Albert Einstein

Stonebraker
Posts: 109
Joined: Thu Feb 02, 2006 2:54 pm
Contact:

Post by Stonebraker » Thu Feb 08, 2007 4:50 pm

Arnstein wrote:He did what he wanted to; great!
He's still a loser.

Can I have his old job?
Paul Stonebraker - Promoting orchestral music since '06

Arnstein
Posts: 37
Joined: Mon Jan 22, 2007 11:07 am
Location: Norway

Post by Arnstein » Thu Feb 08, 2007 4:53 pm

Stonebraker wrote:
Arnstein wrote:He did what he wanted to; great!
He's still a loser.
Wrong.
Image

Stonebraker
Posts: 109
Joined: Thu Feb 02, 2006 2:54 pm
Contact:

Post by Stonebraker » Thu Feb 08, 2007 5:24 pm

Arnstein wrote:
Stonebraker wrote:
Arnstein wrote:He did what he wanted to; great!
He's still a loser.
Wrong.
Wrong.

I have what the NFL considers to be indisputable visual evidence to back my case:
Ralph wrote: Image
Thanks
Paul Stonebraker - Promoting orchestral music since '06

Arnstein
Posts: 37
Joined: Mon Jan 22, 2007 11:07 am
Location: Norway

Post by Arnstein » Thu Feb 08, 2007 5:35 pm

Stonebraker wrote:
Arnstein wrote:
Stonebraker wrote:
Arnstein wrote:He did what he wanted to; great!
He's still a loser.
Wrong.
Wrong.

I have what the NFL considers to be indisputable visual evidence to back my case:
Ralph wrote: Image
Thanks
So you would rather do something that didn't quite satisfy you but you got much money for it, than to do something that you really loved and made your life fantastic but didn't give you much money? Wow.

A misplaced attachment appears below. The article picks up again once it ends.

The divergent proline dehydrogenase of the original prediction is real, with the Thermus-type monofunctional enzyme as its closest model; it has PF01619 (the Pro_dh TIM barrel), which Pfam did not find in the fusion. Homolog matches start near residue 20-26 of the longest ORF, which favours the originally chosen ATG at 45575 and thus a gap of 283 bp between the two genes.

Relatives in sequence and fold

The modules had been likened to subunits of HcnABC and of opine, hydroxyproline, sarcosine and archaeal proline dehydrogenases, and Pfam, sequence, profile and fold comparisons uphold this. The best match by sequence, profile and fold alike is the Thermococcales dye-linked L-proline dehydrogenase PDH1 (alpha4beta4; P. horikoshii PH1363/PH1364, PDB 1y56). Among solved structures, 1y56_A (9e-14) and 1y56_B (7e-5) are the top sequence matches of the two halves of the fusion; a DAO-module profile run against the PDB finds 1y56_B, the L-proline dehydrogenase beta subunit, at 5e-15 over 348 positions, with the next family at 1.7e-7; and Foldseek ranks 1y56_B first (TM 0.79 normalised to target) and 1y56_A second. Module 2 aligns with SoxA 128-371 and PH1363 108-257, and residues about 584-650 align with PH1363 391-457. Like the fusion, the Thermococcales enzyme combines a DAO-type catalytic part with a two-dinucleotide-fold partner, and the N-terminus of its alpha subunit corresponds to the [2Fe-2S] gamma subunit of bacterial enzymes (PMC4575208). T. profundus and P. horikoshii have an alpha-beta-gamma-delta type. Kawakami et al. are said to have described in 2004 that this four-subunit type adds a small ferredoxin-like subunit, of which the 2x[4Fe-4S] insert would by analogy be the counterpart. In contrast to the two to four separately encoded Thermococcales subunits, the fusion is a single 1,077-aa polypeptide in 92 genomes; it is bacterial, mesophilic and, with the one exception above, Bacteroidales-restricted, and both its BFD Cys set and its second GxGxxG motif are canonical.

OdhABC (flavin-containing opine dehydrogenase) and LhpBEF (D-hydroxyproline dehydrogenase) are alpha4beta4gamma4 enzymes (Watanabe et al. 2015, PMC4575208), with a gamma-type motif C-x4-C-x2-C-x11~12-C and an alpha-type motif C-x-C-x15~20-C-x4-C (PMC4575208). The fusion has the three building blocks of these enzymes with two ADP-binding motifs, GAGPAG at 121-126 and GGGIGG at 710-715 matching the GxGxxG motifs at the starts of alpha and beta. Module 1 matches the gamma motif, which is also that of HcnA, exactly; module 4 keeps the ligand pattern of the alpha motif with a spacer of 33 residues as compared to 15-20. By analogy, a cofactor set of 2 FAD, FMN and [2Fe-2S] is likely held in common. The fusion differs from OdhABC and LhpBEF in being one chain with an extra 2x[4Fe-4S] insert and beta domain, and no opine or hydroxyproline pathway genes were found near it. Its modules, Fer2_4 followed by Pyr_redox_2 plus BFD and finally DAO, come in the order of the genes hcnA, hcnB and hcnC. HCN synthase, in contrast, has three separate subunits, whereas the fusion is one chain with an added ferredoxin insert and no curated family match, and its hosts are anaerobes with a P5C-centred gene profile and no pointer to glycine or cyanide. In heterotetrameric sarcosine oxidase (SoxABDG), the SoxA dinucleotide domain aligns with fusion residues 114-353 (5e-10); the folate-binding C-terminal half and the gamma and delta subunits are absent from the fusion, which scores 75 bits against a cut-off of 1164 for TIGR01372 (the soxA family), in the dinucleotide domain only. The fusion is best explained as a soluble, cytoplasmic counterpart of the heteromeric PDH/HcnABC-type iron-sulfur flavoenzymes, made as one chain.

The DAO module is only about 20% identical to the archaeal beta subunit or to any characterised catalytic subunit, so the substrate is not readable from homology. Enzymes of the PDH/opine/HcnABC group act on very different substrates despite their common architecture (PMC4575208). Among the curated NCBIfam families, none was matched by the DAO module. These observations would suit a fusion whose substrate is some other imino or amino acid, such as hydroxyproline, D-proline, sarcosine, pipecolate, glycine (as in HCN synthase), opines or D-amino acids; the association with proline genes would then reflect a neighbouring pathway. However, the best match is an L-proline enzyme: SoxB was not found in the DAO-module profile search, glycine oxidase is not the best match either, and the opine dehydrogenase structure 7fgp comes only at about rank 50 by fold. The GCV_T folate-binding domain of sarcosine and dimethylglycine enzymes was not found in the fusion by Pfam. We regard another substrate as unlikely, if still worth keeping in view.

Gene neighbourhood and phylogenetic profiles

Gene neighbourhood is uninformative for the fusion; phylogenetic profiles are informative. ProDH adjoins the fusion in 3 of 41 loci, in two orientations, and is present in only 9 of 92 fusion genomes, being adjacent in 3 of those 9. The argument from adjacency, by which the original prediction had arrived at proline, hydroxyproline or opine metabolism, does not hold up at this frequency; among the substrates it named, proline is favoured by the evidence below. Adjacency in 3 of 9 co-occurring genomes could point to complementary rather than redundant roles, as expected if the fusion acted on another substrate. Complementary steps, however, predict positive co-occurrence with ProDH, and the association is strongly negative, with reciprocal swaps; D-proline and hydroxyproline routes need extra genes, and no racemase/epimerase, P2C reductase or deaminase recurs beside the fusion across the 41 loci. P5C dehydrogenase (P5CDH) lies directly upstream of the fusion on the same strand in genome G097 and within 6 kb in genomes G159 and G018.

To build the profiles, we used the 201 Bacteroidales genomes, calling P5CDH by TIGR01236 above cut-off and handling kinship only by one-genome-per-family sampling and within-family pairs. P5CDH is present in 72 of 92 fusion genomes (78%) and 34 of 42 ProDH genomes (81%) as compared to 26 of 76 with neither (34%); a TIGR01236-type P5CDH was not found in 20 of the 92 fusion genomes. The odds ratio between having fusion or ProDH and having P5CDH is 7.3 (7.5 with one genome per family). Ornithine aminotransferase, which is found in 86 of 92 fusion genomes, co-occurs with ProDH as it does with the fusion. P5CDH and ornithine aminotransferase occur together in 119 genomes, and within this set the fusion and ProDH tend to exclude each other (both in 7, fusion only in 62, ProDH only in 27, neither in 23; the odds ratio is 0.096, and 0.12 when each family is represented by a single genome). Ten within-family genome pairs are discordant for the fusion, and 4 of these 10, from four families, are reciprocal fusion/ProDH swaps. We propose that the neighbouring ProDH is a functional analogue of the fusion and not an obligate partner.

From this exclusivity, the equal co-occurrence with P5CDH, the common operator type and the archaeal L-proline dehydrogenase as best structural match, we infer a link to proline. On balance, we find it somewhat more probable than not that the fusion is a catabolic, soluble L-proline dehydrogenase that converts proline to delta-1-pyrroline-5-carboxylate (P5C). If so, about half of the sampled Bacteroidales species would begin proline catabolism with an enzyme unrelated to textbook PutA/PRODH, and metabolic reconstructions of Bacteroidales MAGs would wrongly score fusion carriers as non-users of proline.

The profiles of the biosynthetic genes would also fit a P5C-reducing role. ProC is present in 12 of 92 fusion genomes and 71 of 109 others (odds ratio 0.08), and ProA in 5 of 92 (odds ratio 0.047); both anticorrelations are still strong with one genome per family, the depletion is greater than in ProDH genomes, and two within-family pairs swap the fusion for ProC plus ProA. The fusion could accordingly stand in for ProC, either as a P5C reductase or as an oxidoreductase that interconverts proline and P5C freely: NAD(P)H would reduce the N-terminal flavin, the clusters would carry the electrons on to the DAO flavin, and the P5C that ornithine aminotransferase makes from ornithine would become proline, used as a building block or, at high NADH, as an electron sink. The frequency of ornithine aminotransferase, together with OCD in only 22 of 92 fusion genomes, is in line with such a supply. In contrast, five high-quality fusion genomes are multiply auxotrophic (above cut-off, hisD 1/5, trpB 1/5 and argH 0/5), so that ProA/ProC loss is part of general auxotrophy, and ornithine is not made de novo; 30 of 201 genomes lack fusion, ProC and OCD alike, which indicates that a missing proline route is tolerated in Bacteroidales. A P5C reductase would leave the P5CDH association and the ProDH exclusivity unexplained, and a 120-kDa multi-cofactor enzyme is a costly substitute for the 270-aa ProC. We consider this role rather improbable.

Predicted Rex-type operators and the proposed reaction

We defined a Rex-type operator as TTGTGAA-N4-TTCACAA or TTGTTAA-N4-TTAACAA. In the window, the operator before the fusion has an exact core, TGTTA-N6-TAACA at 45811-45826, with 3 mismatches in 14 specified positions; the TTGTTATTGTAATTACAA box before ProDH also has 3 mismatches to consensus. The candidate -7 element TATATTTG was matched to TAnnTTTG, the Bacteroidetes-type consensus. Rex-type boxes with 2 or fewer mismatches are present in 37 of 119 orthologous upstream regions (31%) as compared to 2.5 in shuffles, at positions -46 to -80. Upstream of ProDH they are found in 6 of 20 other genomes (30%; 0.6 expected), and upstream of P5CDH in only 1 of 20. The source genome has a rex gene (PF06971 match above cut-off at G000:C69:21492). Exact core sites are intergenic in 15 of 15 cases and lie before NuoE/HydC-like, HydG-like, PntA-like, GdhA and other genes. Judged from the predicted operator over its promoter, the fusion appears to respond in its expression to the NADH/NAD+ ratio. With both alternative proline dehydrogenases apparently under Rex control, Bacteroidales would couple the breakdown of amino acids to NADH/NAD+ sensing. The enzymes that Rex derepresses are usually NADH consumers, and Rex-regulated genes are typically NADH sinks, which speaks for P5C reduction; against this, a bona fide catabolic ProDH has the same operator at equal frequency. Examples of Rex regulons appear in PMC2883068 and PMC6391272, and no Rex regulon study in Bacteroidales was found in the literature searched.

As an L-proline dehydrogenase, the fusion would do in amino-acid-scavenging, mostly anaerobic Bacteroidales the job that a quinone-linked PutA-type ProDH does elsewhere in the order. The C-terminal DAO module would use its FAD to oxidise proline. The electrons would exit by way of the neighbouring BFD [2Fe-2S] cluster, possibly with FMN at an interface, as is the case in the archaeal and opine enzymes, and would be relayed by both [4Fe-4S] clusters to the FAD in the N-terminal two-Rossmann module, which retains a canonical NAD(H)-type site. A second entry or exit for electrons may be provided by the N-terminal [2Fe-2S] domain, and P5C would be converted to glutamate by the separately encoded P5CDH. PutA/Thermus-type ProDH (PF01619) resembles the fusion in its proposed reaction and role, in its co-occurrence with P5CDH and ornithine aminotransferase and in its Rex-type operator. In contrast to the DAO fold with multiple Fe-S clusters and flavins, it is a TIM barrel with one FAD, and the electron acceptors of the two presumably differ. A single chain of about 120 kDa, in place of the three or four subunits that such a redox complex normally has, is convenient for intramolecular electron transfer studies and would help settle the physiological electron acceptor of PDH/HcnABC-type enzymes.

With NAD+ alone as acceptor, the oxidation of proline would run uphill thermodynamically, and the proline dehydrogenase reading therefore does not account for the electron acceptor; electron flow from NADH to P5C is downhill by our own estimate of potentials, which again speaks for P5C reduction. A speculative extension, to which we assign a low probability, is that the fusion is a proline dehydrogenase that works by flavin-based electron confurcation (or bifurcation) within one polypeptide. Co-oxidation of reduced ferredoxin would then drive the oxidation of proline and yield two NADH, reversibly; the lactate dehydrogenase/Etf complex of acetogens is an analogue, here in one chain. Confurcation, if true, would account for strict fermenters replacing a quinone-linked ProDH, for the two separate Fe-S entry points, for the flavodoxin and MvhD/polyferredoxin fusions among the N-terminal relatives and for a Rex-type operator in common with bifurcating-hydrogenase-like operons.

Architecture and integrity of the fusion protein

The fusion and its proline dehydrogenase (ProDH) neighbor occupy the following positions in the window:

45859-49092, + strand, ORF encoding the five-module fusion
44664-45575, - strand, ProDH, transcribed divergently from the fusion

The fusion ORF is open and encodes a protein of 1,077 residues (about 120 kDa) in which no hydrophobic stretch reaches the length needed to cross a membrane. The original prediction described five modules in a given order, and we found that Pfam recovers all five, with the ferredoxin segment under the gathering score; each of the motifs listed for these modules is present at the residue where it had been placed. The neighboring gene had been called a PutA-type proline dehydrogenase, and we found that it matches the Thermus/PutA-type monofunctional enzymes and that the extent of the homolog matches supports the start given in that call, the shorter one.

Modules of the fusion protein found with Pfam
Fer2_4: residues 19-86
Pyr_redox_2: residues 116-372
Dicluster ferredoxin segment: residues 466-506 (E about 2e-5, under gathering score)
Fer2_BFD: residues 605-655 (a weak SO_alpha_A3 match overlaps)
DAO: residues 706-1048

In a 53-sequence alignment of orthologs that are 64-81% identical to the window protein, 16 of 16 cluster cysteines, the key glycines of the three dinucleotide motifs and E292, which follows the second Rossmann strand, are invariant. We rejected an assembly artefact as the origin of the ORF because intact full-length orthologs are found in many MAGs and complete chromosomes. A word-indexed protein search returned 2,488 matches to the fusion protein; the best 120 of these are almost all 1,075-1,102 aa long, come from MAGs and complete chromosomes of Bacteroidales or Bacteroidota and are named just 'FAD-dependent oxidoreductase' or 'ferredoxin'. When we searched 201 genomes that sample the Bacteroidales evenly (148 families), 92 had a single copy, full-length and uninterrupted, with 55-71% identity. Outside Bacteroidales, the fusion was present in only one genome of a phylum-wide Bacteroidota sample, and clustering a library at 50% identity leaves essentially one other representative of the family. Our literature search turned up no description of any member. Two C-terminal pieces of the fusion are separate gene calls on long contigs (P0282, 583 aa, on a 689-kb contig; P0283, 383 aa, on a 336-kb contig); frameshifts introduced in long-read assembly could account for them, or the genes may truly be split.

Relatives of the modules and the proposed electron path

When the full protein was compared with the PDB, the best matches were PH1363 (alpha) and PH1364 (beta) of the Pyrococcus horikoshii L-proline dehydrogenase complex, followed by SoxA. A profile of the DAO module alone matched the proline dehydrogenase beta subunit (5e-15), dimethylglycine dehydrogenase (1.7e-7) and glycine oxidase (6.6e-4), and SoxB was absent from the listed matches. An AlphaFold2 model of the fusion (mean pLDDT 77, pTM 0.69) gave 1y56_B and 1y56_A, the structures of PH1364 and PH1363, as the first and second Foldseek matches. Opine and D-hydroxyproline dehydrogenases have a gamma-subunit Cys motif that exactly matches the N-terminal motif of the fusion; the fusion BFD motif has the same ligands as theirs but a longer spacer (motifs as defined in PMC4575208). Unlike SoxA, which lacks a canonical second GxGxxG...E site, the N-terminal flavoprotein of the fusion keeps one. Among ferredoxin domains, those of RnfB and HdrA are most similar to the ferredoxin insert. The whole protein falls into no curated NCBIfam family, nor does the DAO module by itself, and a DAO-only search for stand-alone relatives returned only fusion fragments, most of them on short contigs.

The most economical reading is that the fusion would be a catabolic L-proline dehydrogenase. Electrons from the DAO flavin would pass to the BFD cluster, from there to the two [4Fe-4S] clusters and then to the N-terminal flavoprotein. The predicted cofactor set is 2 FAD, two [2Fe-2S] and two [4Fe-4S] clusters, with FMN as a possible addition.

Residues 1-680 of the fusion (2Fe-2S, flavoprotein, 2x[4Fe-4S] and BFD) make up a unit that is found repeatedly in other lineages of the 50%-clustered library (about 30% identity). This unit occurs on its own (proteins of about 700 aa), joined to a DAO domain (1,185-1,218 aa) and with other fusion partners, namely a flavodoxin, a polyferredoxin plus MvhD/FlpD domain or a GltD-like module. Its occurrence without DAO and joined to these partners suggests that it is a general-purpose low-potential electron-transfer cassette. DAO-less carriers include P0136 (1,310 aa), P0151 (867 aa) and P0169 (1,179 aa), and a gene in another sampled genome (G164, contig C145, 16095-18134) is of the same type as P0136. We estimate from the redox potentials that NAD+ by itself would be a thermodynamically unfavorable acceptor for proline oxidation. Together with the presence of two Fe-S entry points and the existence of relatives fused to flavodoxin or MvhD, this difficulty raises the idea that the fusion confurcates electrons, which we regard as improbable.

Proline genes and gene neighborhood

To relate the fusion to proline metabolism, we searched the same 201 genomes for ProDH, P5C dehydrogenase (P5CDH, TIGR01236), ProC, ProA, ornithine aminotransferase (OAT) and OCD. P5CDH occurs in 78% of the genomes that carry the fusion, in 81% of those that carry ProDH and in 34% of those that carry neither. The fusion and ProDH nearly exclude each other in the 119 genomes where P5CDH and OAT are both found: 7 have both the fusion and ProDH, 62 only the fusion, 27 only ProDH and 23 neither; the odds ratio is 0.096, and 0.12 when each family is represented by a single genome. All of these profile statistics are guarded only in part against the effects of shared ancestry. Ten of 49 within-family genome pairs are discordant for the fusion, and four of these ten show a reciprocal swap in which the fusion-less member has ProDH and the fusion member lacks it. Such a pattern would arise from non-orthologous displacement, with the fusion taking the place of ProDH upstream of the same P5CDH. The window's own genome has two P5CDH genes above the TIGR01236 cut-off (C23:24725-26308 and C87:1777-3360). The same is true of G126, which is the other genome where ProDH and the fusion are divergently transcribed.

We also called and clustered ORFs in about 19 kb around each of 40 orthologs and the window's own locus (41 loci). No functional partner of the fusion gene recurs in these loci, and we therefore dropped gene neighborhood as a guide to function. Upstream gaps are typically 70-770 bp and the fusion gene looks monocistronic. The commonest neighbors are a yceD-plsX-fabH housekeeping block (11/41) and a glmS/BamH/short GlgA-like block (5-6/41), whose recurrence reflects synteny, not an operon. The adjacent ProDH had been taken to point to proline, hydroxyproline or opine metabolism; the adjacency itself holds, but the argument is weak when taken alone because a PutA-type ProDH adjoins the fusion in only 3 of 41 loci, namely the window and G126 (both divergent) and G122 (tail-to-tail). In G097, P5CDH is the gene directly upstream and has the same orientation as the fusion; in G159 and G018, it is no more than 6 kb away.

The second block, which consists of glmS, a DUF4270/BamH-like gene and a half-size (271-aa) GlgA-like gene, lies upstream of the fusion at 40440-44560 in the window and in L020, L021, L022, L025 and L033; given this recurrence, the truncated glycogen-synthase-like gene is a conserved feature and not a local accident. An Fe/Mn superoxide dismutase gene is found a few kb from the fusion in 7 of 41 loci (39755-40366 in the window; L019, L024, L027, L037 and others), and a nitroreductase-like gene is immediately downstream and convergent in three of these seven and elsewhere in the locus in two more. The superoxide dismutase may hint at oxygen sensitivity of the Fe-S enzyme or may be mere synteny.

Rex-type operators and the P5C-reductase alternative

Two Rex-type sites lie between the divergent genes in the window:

Image

Stonebraker
Posts: 109
Joined: Thu Feb 02, 2006 2:54 pm
Contact:

Post by Stonebraker » Thu Feb 08, 2007 5:54 pm

Arnstein wrote:
So you would rather do something that didn't quite satisfy you but you got much money for it, than to do something that you really loved and made your life fantastic but didn't give you much money? Wow.
? What are you even talking about? All I said was, "He's still a loser." Wow.
Paul Stonebraker - Promoting orchestral music since '06

Arnstein
Posts: 37
Joined: Mon Jan 22, 2007 11:07 am
Location: Norway

Post by Arnstein » Thu Feb 08, 2007 6:04 pm

Stonebraker wrote:
Arnstein wrote:
So you would rather do something that didn't quite satisfy you but you got much money for it, than to do something that you really loved and made your life fantastic but didn't give you much money? Wow.
? What are you even talking about? All I said was, "He's still a loser." Wow.
Yes, and that is wrong as he does what he wants to do and he is happy!
Image

schrodingasdawg
Posts: 10
Joined: Tue Feb 06, 2007 8:19 pm

Post by schrodingasdawg » Thu Feb 08, 2007 6:12 pm

When someone's truly passionate about doing something, the regret they'd feel for not doing it would be much worse than the bad finnancial situation Atkatz put himself into. Most people would rather put up with the regret of not reaching for their dreams if their dreams were too risky, required too much suffering, or weren't financially wise. The fact that Atkatz did in fact chase his dream in spite of these inconveniences... I'd presume that's why you seem so proud of him, Arnstein?

But I'm not sure most people have that kind of dream, so they wouldn't be able to understand. If they can't understand, then it's futile to try arguing with them.

Stonebraker
Posts: 109
Joined: Thu Feb 02, 2006 2:54 pm
Contact:

Post by Stonebraker » Thu Feb 08, 2007 6:13 pm

Arnstein wrote:
Stonebraker wrote:
Arnstein wrote:
So you would rather do something that didn't quite satisfy you but you got much money for it, than to do something that you really loved and made your life fantastic but didn't give you much money? Wow.
? What are you even talking about? All I said was, "He's still a loser." Wow.
Yes, and that is wrong as he does what he wants to do and he is happy!
I agree that he does what he wants to do, and he seems to be happy.

That said, he's still a loser.
Paul Stonebraker - Promoting orchestral music since '06

Locked

Who is online

Users browsing this forum: No registered users and 7 guests